One line like that in the Constitution would have rendered the PLCB largely impotent, but it didn't work out that way. The right to bear arms is guaranteed by the Constitution. The right to buy alcohol is not. Both have laws governing their sale and use, but only one has the state trying to make sure you can get it: Liquor.
Proponents of the State Store System are always pushing for and bragging about having more sales. They want to make sure that all the citizens can buy booze, but they don't want to make sure you can buy a Constitutionally guaranteed item, or have freedom of choice or be allowed to participate in interstate commerce. That, of course, would puncture their precious monopoly, and show how non-competitive they really are.
But this is -- supposedly -- all about control. Let's look at that whole concept from a different angle. If you are like me or most people I know, you probably think guns are more dangerous than a bottle of Captain Morgan. But according to State Store-style thinking, you would be wrong. I drink, and I also shoot. I probably drink more often than I shoot, but it's close, since my range is only a mile away. Let me tell you: I worry more about the guy next to me at the range than I do about the guy next to me at the bar. Just think about these comparisons.
- What takes longer to buy: a special order bottle of liquor or a special order gun (even with the federally-mandated wait time on gun sales)?
- As a private citizen, you can sell guns, but you can't sell alcohol beverages.
- Sell a bottle and you can get fined $4 an ounce and go to jail. Sell a gun...and you get cash.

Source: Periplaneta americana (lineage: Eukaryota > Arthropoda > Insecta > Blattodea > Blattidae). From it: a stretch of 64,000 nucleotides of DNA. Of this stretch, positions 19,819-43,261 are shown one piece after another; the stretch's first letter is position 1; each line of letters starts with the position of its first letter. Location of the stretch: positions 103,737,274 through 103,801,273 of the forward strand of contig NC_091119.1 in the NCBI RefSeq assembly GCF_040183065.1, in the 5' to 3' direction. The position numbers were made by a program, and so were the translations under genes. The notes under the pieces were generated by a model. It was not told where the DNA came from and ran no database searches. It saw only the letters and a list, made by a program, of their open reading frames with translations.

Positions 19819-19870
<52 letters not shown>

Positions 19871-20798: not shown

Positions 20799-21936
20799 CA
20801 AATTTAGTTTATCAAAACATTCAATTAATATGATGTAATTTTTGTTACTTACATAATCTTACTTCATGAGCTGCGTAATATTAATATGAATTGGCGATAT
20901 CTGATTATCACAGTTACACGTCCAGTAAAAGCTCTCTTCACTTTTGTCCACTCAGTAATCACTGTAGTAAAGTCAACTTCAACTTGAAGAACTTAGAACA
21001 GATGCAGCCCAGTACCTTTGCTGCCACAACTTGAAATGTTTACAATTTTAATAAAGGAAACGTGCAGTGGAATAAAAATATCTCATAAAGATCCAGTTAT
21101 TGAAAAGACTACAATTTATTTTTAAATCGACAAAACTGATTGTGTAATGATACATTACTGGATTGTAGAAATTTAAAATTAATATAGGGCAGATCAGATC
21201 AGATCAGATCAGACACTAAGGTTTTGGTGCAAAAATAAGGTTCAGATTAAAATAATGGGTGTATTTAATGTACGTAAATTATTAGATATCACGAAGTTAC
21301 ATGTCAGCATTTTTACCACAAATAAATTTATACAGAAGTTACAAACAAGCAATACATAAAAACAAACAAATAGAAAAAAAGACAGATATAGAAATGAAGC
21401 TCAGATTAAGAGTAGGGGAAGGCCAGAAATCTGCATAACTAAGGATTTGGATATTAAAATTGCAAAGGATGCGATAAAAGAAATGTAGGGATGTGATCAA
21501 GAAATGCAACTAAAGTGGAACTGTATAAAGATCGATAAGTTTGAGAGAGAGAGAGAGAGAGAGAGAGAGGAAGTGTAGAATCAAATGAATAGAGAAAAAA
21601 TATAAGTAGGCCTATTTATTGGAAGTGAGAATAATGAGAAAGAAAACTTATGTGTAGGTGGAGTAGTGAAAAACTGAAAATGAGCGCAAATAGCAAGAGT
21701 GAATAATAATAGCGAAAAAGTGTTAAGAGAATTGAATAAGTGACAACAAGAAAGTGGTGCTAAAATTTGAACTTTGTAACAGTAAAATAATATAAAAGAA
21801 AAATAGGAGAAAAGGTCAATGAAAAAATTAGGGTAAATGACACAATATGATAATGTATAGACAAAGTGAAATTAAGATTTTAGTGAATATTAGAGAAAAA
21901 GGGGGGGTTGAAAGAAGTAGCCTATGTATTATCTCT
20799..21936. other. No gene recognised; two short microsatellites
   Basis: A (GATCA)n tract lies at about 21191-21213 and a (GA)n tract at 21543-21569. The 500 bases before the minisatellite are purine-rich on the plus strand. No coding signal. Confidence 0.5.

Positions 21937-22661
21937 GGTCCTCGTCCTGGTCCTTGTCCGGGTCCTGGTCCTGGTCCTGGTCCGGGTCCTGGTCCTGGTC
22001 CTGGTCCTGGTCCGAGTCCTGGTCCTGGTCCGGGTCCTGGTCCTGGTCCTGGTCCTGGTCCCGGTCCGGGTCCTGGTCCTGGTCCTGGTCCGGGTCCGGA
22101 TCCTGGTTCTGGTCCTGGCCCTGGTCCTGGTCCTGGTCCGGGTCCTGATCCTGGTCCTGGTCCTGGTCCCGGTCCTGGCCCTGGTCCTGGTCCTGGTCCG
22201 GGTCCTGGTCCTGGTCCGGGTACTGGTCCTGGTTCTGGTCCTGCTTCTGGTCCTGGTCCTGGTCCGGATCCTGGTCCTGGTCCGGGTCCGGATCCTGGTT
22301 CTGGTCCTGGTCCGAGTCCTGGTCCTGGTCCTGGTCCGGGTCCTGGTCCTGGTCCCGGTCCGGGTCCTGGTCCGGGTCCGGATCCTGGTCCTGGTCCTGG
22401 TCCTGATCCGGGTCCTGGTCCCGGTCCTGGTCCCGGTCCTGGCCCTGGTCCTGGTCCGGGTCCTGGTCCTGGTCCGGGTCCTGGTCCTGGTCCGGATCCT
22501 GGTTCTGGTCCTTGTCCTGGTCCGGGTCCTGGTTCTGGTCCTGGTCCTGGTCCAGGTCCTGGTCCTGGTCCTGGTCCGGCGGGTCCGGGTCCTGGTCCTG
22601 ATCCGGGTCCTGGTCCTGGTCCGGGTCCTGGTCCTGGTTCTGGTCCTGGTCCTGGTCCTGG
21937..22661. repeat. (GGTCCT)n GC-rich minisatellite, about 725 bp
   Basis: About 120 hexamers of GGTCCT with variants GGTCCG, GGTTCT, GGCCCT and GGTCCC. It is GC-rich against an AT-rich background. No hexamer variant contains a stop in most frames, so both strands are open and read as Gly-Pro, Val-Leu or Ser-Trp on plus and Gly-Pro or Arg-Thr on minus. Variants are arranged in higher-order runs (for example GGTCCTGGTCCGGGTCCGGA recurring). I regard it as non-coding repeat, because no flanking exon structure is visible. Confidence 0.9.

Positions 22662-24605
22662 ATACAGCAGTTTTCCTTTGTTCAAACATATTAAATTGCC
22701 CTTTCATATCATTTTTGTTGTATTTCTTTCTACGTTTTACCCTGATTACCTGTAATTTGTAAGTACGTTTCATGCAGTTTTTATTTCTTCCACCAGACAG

- If you're 18, you can buy a gun; if you're 14, you can get a hunting license. Buy a beer when you're 18, and you can LOSE your license.
- Most places you are allowed to open carry a gun on the street in PA ; most places you are not allowed to carry an open bottle.
- If you are a resident with the proper permit, you can have a loaded gun on the front seat of your car. If you have an open bottle, there is no permit you can get.
- If you are visiting from out of state and have a gun in your trunk and want to stop and take in any of Pennsylvania's scenic attractions as you pass through the state -- it is perfectly legal. Have a bottle of wine from New Jersey in your trunk and make that same stop? You can be fined, and your wine will be seized and destroyed.
- You can bring a number of guns into Pennsylvania without any special licenses or forms and shoot. You can't bring any bottles of wine, beer, or spirits into the state -- legally! -- without special licenses or forms which the PLCB does not even make available to you.*
Most states have figured out how to regulate the sale of alcohol and not treat their citizens like children. If the liquor laws in the state were even close to being like the gun laws, there wouldn't be a privatization effort (or a modernization one either) because the dead hand of leftover Prohibitionism wouldn't be on the backs of the residents. Since that isn't going to happen, we have to take control away from the state through our legislature. Give retail back to private industry where it belongs, because when the state decides what you will get, it also decides what you want and does it without any input from you.
We are not safer, we are not better served, and we are not satisfied. Privatize.
* I challenge any reader to try to find the form or forms needed to pay the taxes on 6 bottles of liquor you want to bring into the state. Good luck.